Rag quilts are soft and cuddly, so they are excellent lap quilts for a chilly day. A soft rag quilt makes an nice gift for both children and adults, but be sure to make a few for yourself, too. Rag quilts go together quickly and without the stress of sewing absolutely perfect seams, a real plus if you're a beginning quilter. You can complete this easy rag quilt pattern in just a day or two, even if you've never made a quilt before.
Use this link to find more rag quilts, some made with squares and rectangles, but others made using curved pieces (still simple) and triangles. Rag quilts are sewn a bit differently than traditional patchwork quilts, but they are super easy to make.
This small strippy-set quilt has four columns made with panels that are surrounded by five narrower strip-pieced columns. You can alter the fabrics to make the quilt suit any theme. Try large to small scale florals in the columns, or turn it around completely with bright juvenile prints or softer baby fabrics -- any theme will work, including a totally scrappy look. The quilt finishes at 59" x 63", but you can make smaller or larger by altering the width or number of columns and borders.
The Spools quilt shown is designed with thirties reproduction prints -- simply alter the fabrics to create your own look. Make a 36-inch square wallhanging from 6-inch blocks or an 18-inch miniature quilt from 3-inch blocks, your choice. Stitch additional blocks to create a larger quilt.
These 6-inch heart blocks were used for a previous event in the Quilting Forum, but the pattern will always be available, just like all patterns on the Quilting site. You'll find instructions for this scrappy hearts wallhanging on the last page of the quilt block pattern. Give this easy pattern a try it the next time you need a quick project (add more blocks for a larger quilt).
I couldn't decide what to call this quilt block, because there are at least ten traditional blocks that are very similar to it. It can be called an "O," but I'm stubborn enough to want a longer name. The Shoo Fly quilt block is a match if you look at the block's basic bone structure, so let's go with that -- but we'll make a few adjustments to the Shoo Fly's standard color value arrangement.
Bonnie Scotsman is assembled with straight grain bars and squares -- no stretchy bias edges to deal with, and that means it's definitely a beginner-friendly patchwork pattern. You'll find instructions for assembling it one patch at a time, which is perfect for scrappy quilts, and also a strip piecing option for anyone who wants to make a batch of identical blocks. I've included two layout suggestions for 35 blocks (plus yardages), but many more arrangements are possible for this versatile design.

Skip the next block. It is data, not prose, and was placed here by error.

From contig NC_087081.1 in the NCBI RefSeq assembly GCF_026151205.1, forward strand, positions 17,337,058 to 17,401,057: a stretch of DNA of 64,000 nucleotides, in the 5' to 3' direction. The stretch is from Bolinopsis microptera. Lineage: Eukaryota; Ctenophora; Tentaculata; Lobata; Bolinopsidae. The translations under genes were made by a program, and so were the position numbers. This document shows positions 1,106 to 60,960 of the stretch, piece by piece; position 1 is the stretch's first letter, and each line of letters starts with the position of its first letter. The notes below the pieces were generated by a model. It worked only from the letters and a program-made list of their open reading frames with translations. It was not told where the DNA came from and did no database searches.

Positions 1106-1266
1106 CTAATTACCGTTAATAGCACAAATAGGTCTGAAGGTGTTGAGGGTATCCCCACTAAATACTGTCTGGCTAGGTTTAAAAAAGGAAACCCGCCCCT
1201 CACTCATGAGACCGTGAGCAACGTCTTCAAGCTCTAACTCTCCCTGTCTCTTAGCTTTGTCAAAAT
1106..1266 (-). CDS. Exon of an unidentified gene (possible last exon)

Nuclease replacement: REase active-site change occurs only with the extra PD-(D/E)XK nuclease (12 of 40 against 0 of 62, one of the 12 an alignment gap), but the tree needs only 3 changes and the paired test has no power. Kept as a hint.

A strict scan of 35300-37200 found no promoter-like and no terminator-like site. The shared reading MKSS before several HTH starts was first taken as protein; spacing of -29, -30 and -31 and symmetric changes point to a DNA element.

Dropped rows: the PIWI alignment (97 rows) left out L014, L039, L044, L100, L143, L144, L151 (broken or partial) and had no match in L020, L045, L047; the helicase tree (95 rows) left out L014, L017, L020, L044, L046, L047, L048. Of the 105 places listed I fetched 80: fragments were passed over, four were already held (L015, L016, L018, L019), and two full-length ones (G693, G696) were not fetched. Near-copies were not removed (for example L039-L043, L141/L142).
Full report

Quilt blocks like the Bright Hopes block look like they are assembled using set-in seams, but they are actually constructed with another sewing technique -- partial seams. Partial seams are simple, and result in a block that looks a bit complicated, but is really very easy. I made the sample block in about 10 minutes, from cutting the patches to sewing the last seam. The block finishes at 12" square. Make several Bright Hopes blocks for a quilt or put a few together for a colorful -- and easy -- wallhanging.
This Bug Jar quilt block is a little different than some you'll see around the Web. I wanted it to be wider than the typical jar, short and fat to resemble an old fashioned glass cookie jar. If you're not into bugs, fill your jar with anything you like... candy, cookies, flower fairies, dogs, cats, even people -- and one of our Forum Hostesses remarked that it looks like a pickle jar. The bug jar pattern includes instructions for 12-inch and 6-inch finished blocks.
More Easy Jar Blocks
This easy Mock Basket Weave quilt block proves that easydoesn't have to mean boring. Instead of piecing multiple stripes within each square, like a regular basket weave, you'll simply choose one or two striped fabrics, then alternate the stripes and the directions they flow when you make the quilt blocks. The result will be a quilt that looks a whole lot like a true basket weave, but without all of the extra sewing. Try stitching this block in colorful, whimsical stripes to make a fun quilt for a child. The instructions include yardage and cutting charts for twelve 6-inch blocks and twelve 12-inch blocks.